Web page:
CENTRAL Victorians face the same heightened risk of bushfire into the future as other Australians despite escaping the devastating 2019-2020 relatively unscathed, local voices have warned.
It comes in response to the report from the Royal Commission into National Natural Disaster Arrangements, which warned events such as severe bushfires would be more frequent and more severe in the future, driven by climate change.
The Bendigo Sustainability Group says the region faces the same raised risk of natural disaster into the future, as the climate warmed.
Read more: Flammable future set to hit central Victoria
Member Colin Lambie said the Royal Commission report bore out what scientists had forecast for years, that climate change would made fire more frequent and more severe.
Mr Lambie said transition to renewable energy was critical, because electricity was the single biggest contributor to Australia's greenhouse gas emissions.
He said even with serious action, it would take years, if not decades to turn the problem around.
"What is predicted for us, is that we become dryer. The threat of bushfires for us is going to increase, that's an inevitable conclusion or outcome for us," Mr Lambie said.
"It's going to become dryer, it's going to become a greater problem for us in Bendigo."
Former Victorian emergency management commissioner Craig Lapsley said the report highlighted that climate change was a key driver of the fires that tore through millions of hectares across several states during summer.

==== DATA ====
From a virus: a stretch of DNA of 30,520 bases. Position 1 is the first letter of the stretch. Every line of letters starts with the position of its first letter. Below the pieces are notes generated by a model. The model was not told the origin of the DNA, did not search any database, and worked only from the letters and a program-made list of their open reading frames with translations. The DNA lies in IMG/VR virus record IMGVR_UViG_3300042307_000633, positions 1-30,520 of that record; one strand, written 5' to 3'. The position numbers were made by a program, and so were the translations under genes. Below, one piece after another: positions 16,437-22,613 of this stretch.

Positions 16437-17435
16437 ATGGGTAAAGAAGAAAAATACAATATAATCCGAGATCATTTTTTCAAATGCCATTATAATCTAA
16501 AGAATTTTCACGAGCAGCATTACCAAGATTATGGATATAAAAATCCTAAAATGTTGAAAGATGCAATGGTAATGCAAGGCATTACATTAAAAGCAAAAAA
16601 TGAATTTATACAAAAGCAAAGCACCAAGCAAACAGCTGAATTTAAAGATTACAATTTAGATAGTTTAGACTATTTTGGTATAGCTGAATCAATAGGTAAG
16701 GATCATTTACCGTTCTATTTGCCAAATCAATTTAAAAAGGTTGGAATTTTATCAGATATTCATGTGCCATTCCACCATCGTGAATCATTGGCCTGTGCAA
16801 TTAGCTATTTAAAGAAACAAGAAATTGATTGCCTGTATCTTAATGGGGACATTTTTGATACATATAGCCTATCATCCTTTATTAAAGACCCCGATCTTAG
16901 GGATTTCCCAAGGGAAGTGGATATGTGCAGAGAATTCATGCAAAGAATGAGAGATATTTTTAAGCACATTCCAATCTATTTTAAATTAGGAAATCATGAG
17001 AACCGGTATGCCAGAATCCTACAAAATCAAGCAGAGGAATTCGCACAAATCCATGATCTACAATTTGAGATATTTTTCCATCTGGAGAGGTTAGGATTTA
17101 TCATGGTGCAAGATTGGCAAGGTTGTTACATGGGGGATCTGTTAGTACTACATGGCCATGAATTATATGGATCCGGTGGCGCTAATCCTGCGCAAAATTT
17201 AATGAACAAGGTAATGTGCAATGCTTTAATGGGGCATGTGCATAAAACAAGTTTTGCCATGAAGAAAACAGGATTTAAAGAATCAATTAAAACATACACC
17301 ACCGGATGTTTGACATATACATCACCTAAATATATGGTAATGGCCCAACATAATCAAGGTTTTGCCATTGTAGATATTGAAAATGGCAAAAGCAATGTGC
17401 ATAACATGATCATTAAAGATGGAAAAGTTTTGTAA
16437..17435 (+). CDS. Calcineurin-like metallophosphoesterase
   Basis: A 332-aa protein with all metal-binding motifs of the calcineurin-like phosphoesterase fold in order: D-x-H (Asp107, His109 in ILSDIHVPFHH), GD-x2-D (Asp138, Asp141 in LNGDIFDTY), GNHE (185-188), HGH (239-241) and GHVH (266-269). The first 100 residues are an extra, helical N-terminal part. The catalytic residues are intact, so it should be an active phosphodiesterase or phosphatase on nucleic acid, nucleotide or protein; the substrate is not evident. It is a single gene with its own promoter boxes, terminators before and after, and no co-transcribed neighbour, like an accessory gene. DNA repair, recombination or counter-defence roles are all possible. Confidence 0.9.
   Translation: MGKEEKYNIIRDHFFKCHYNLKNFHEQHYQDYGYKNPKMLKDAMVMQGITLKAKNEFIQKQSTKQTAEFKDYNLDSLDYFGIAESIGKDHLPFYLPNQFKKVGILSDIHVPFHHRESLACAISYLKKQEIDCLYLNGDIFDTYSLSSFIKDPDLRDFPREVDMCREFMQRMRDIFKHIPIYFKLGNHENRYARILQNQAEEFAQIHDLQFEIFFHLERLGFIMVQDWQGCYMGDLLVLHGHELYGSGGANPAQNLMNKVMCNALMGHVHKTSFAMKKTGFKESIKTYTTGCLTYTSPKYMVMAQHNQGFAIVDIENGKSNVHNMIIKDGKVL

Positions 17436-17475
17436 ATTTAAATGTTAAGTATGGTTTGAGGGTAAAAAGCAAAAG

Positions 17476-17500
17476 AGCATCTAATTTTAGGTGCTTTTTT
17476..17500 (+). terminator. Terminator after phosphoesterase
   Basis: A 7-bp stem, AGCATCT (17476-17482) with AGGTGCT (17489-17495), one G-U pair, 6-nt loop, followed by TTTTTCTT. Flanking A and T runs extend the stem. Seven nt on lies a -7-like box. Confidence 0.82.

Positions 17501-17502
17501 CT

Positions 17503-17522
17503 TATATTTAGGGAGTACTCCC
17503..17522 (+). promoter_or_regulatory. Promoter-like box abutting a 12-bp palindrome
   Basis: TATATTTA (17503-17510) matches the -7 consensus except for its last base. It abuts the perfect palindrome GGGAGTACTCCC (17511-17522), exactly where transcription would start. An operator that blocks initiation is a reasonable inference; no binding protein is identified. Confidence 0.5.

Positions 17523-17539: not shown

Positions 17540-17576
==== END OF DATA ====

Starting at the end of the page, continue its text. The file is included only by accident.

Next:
He said it was absolutely critical Australia cut its use of fossil fuels, one of the biggest drivers of emissions.
Mr Lapsley warned central Victoria would face more hot days and more windy days, leading to more fire days.
He said people on the ground were saying they were struggling to find safe days to conduct fuel reduction burns.
Mr Lapsley said the attention given to resilience and recovery in the report was also helpful.
The Royal Commission into National Natural Disaster Arrangements was a response to Australia's devastating 2019-2020 bushfire season.
Climate change's role in exacerbating risk of extreme weather events in Australia was among the key findings released in the commission's report on Friday.
It recommended the government produce downscaled climate projections to inform the assessment of future natural disaster risk.
The report also found the federal government should play a larger role in Australia's response to natural disasters.
It called for the Prime Minister to be able to declare a state of national emergency.
- With AAP.
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